On Wednesday, LCV Government Affairs Advocate Darien Davis gave a powerful testimony before an EPA hearing on clean cars standards.
Read Darien’s full testimony below:
Testimony of Darien Davis,
Government Affairs Advocate for Climate and Clean Energy at the League of Conservation Voters,
before the U.S. Environmental Protection Agency
at the Public Hearing for
Revised 2023 and Later Model Year Light-Duty Vehicle Greenhouse Gas Emissions Standards;
August 25, 2021
Hello and thank you for giving me the opportunity to testify on the SAFE 2 rule today. My name is Darien Davis, and I am a Government Affairs Advocate for Climate and Clean Energy at the League of Conservation Voters, or LCV. I’m here today on behalf of LCV’s more than 2 million members and network of 30 state partner organizations across the country.
I appreciate the Biden administration’s swift action on clean cars standards — it is clear that undoing the harmful rollbacks of the previous administration has been a top priority since day one. Now that the proposed rule is out, I urge the EPA to create the strongest possible limits on vehicle pollution – the EPA should seek to finalize “Alternative 2”, the strongest standards the EPA analyzed in the proposal. In order to tackle the climate crisis at the speed and scale that science demands, we need standards that will reduce 60% of carbon emissions from new cars by 2030.
On the heels of a glaring IPCC report, it is clear that climate change is directly contributing to more severe and frequent wildfires, hurricanes, and flooding around the world. The most recent report is especially salient because it shows specific regional climate impacts. Here in California, where I’m currently visiting my family, wildfires have been raging at an unprecedented rate. These wildfires both threaten the safety of families like mine, while also contributing to hazardous air quality. In recent years, there have been days where the smog from fires was so thick, my parents would have to leave work early and stay indoors to safeguard their health.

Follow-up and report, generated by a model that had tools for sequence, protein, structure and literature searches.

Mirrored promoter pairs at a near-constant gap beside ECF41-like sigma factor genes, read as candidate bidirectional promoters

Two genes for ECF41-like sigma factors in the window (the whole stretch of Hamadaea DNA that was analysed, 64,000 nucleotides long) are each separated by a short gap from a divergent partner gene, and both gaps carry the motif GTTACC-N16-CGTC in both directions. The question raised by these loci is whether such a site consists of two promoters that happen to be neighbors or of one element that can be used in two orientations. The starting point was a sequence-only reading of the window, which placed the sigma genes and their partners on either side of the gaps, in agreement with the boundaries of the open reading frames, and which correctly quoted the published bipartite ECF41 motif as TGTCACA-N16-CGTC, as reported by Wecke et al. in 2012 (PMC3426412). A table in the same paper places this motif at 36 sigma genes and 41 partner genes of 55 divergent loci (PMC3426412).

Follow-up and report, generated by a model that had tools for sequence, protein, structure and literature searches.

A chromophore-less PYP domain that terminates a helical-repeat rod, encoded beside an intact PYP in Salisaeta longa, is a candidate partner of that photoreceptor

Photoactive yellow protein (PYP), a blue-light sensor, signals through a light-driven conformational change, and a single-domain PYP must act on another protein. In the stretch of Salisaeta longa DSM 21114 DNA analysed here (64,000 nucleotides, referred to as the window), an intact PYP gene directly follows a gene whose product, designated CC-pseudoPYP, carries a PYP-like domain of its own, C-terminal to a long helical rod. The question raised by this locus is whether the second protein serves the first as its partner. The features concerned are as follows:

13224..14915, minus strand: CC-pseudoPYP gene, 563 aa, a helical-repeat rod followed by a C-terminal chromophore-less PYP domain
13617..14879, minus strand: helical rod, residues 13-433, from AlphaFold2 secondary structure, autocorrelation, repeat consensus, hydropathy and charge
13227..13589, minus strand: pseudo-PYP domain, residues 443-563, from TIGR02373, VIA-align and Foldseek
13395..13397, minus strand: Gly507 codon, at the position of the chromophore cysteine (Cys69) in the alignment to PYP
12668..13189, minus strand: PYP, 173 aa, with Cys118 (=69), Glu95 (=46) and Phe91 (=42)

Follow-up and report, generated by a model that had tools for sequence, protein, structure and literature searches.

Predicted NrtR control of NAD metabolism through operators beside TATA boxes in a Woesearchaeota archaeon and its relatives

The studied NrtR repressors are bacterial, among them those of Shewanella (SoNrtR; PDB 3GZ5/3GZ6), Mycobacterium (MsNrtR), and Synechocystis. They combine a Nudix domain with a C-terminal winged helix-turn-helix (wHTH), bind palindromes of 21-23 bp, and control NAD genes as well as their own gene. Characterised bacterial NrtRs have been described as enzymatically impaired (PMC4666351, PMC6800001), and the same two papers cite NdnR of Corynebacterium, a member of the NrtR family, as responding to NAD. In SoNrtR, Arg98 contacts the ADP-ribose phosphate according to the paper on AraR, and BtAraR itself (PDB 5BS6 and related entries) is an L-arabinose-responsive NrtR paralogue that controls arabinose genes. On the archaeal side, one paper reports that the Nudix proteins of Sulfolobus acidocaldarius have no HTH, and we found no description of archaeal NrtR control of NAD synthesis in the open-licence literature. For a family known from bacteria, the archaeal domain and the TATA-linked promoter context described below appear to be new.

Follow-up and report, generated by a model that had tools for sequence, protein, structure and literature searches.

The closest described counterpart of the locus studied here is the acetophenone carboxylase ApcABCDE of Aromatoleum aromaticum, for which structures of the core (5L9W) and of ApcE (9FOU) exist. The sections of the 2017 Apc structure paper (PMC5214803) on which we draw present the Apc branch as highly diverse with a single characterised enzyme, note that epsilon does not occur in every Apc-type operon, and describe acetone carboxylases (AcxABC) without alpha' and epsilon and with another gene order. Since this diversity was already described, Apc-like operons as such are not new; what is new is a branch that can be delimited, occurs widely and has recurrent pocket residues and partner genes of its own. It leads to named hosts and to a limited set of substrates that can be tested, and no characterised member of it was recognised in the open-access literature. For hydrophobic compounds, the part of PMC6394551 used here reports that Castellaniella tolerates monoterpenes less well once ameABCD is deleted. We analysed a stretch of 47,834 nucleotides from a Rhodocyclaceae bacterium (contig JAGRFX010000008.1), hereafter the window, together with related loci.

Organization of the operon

There is, however, a practical way to begin tackling climate change; focusing on clean transportation. Since the transportation sector is the largest source of emissions, bold car standards can help accelerate the transition from cars with internal combustion engines to pollution-free vehicles.
Now, the EPA has the opportunity to both reinstate and strengthen clean car standards. In addition to fighting climate change, robust regulations would protect communities from vehicle pollution and save drivers money at the pump. This is especially critical because Black and Brown communities and low-wealth communities experience disproportionate harm from dirty vehicle pollution. This environmental injustice leads to increased rates of asthma and other respiratory illnesses.
Once again, I urge this administration to set the strongest standards possible because they are practical and meet the moment that we’re in – the EPA should finalize standards at least as strong as Alternative 2 presented in the proposed rule. These standards can put us on the path to upholding our NDC of 50-52 percent net economy-wide greenhouse gas emission reductions below 2005 levels in 2030. Ultimately, standards set through 2026 can lay the groundwork for eliminating pollution from new vehicles by 2035. It is clear that we have no time to waste. Thank you for the opportunity to testify today.